If theatre is to shed its stifling old fashioned image of the stage and attract new audiences then Contact Theatre’s current programme of events this year is a shining example of challenging the conventional.
Contact Theatre have made the most of their multi million pound redevelopment programme, which sees their usual home closed for a year. They’ve decided to embrace the city by using a varied range of venues to house their productions. These aren’t just your typical theatre houses that they’ve rocked up to. No sir, these include museums, concert halls and in the case of Handlooms, an actual bona fide working sari shop right bang in the middle of Manchester’s Curry Mile.
Of course, it is not surprising that Contact should have such an out of the box approach to their predicament. They’ve become renowned in recent years for creating pieces of work that diversify the traditional theatre experience.
In Handlooms they have exactly that.
Co-produced with Rasa Theatre and written by Rani Moorthy, Handlooms is a story of a mother and son and that generational gap that highlights the cultural tensions of the past, the present and what the future holds. These are rounded portrayals of asian characters that Moorthy has created, and played with aplomb by Moorthy herself in the role of matriarch Neeta Sharma, and Ashraf Ejjbair as her son Rajesh. The writing is replete with just the right amount of popular cultural references, the frisson of the psychological baggage that adorns most ethnic minorities and the twang of bitter humour that most people will attune to no matter what their ethnic makeup.
It’s actual setting is Alankar House of Sarees, which makes for an intriguing and fascinating spectacle. The small venue dictates that there are no more than a couple of dozen people in the audience. By the end you’re almost all on a first name basis. We are lead into the venue with the principal cast already on their “stage”, and immediately you feel not so much as part of a theatre production but something far more intimate and personal. Headphones are used to add to this total immersive experience. The sight, the sound and the touch of the silks lying around, and even smell of the fabric adds to this viewing pleasure.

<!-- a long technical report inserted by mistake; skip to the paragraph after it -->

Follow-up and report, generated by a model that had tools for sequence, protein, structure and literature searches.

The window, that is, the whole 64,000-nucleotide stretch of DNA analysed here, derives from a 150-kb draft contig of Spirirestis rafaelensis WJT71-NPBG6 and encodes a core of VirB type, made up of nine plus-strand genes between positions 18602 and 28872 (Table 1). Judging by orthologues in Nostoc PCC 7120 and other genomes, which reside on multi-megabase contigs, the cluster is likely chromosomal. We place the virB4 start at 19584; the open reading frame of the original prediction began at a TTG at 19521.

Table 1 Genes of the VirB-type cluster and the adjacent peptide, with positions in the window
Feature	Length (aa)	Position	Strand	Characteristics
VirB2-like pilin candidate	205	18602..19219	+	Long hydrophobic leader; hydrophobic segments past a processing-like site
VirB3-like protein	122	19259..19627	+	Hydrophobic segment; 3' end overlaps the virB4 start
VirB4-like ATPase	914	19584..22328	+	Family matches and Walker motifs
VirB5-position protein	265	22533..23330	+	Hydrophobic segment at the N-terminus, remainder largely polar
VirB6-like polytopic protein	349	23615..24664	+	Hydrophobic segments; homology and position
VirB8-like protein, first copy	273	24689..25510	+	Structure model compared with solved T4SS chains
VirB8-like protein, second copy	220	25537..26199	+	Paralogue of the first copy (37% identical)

To say Handlooms is a rollercoaster of emotions and themes is an understatement. There’s the generation gap between mother and son, the cultural issues that this throws up, how the new generation look at such things as love and marriage and there is even the taboo subject of cross dressing that is put under the spotlight. And that is not all, failing economies, immigration, refugees and globalisation are some of the concepts that are thrown into this melting pot.
That’s a lot to take in an hour.
And that my dear reader is ultimately it’s downfall. The concepts do not have room to breathe and are quickly discarded to make room for the next dramatic segment. It feels all too rushed. One minute the business is flailing, then it isn’t One minute we have a character about to get married, then suddenly the wedding is off. One minute we have a refugee at the back, the next she’s being deported.
Moorthy is clever enough to weave a compelling story, however, there is not enough cloth for her to make clothes that are fit for an emperor. It’s a pity because Handlooms has all the makings of a classic. It reminded me of another famous play set around these parts, also primarily in a shop, where the familial tensions leads the audience to question the changing attitudes of the day.
Shame, because Moorthy could have been a great Hobson.
Verdict: An innovative and immersive production that challenges the traditional stereotypes of theatre. At its heart there is a charming and an intriguing story, but packs too much in too little time for it to make an impact.